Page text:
About Our Research > A Typical Visit

The Child Development Laboratories maintains a database of families in the Charlottesville area who have expressed an interest in learning about or participating in our research. You can register your family by using our on-line registration form, or by phoning or emailing us.

Once you have registered, when a study comes up that your child is the correct age for, we give you a call or send you an email, describe the particular study in detail, and see if you might be interested in scheduling a 30-minute appointment. We schedule appointments at your convenience, between 9 a.m. and 6 p.m., and weekend appointments are also possible. Siblings of any age are welcome to come along. If your schedule is full at that point, we ask whether we can contact you again later.

Your appointment will take place either at 1023 Millmont Street, behind Barracks Road Shopping Center. Plenty of free parking is available..

When you arrive at your appointment, a friendly research assistant will meet you in front of the building. Inside, your child will find toys, puzzles, crayons, and other activities to allow him or her to become comfortable with the surroundings and with the researcher. We take special care to ensure that both parent and child are comfortable before beginning the study. While your child is getting comfortable, the research assistant explains the study to you in detail and provides a consent form for you to read and sign. You will also receive a copy of the consent form for your records.

None of our studies involves medical procedures of any kind, and all have been explicitly approved by the University of Virginia’s Institutional Review Board, a panel of University and community members who are charged with ensuring that research involving human participants at the University is ethical.

When you feel like your child is comfortable, we move to a nearby room, where the study takes place. Parents can remain with their children at all times. The study itself usually takes less than 30 minutes. The exact details of each study vary, but all are designed to involve fun, game-like activities. For example, your child might play with or look at some toys or objects while interacting with a trained researcher. The researcher might name an object, and then later play a "finding" game that asks the child to pick out all of the objects that can be called by that name.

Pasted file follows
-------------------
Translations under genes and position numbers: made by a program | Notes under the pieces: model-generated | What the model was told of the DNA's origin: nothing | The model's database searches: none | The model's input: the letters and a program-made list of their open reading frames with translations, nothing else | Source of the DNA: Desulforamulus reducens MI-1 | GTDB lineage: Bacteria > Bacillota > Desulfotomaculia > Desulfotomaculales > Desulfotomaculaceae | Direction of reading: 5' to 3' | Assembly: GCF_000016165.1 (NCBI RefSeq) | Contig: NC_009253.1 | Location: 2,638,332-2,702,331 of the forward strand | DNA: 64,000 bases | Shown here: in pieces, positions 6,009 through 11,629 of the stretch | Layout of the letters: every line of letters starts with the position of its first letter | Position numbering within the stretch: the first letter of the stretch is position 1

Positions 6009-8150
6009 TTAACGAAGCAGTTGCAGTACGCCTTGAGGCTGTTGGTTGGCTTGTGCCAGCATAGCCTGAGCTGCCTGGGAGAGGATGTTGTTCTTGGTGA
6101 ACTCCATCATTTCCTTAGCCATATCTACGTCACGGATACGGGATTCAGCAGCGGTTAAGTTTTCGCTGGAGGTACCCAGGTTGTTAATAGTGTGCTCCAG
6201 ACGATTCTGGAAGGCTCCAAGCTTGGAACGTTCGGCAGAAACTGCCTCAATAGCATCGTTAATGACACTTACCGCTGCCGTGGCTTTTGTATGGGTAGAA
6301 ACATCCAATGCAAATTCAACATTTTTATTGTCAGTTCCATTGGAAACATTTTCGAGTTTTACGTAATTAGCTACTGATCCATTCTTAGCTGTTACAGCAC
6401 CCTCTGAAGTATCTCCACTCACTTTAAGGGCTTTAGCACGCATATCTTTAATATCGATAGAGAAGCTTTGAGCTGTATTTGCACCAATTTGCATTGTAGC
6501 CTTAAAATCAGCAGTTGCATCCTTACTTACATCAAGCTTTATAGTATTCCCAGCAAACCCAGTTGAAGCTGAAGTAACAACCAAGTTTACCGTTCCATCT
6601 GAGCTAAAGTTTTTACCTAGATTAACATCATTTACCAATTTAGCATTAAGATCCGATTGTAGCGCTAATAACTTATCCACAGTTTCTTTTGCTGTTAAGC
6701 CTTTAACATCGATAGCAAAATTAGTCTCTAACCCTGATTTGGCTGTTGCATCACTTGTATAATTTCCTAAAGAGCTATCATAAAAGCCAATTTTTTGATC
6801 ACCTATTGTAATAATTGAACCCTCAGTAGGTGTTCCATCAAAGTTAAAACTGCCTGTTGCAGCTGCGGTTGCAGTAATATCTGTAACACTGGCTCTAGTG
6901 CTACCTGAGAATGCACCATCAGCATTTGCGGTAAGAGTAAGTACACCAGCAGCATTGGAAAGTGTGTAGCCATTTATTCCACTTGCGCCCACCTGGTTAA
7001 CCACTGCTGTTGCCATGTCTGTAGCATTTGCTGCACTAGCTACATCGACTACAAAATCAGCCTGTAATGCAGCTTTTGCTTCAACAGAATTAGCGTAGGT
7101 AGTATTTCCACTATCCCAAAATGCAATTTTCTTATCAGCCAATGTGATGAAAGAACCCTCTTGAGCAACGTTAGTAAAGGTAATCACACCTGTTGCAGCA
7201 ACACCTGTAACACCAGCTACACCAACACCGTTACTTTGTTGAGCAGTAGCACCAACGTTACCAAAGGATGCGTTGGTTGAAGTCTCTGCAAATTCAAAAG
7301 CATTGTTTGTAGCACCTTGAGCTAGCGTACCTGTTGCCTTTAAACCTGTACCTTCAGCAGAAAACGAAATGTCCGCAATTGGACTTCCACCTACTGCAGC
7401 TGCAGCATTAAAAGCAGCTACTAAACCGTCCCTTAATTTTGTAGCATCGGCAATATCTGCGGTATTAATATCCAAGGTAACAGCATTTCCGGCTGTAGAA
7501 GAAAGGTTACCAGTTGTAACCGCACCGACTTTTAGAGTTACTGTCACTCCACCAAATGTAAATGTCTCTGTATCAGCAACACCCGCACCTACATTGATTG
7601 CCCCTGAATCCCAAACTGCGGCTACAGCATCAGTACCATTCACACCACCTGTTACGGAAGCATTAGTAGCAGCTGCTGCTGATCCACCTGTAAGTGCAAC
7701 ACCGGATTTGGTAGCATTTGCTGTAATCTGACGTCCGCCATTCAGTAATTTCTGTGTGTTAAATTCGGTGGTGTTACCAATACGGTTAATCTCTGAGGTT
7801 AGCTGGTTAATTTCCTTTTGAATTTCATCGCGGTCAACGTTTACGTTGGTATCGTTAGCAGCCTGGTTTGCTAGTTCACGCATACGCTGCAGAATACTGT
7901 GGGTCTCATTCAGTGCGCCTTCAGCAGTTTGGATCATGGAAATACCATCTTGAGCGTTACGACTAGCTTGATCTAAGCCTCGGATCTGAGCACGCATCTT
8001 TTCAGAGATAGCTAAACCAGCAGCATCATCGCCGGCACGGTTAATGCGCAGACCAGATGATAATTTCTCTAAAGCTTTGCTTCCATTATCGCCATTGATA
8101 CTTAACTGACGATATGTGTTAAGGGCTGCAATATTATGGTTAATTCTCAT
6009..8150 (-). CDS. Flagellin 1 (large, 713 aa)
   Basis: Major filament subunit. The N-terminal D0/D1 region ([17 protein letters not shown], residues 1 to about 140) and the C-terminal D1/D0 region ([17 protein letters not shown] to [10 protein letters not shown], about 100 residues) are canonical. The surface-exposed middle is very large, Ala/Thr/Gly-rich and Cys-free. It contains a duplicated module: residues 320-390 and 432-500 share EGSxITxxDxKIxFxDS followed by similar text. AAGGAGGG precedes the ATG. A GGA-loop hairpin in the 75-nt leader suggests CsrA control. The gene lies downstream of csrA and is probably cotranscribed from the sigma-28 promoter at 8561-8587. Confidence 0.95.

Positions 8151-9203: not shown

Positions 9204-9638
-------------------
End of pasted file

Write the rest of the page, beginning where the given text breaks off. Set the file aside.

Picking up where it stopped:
We videotape most of our studies to allow us to keep track of which objects your child selects or what she or he says during the game. This videotape, like all of the data we collect, is kept completely confidential; your child's name will never be associated with it. Furthermore, unless we have your explicit permission, this videotape will be viewed only by the researchers.

At the end of the study, we answer any questions, thank you for coming, and escort you back to your car. We work very hard to make each visit an enjoyable experience for the child and parent, and many families choose to participate in numerous studies. Finally, from time to time, we will send you a newsletter, describing the results of our studies. Additionally, we update our website regularly to reflect reports of our research that have appeared in the media or been published in scientific journals. We are happy to provide copies of these reports on request.

If your family would like to participate, please register your 0- to 12-year-old (currently, our studies extend only through the elementary age). You can use our registration link below, or email or call us. If you have questions or would like more details, check out our FAQ or feel free to continue browsing or to contact us directly.

 

The Labs | A Typical Visit | FAQ | Register

 

An important note: The labs that make up the Child Development Laboratories conduct basic research in cognitive development, and we do not evaluate individual performance. Rather, we are interested in the performance of children as a group. If you have specific concerns about your child's development, please consult with your pediatrician. Additional resources on child development can be found on our Frequently Asked Questions page.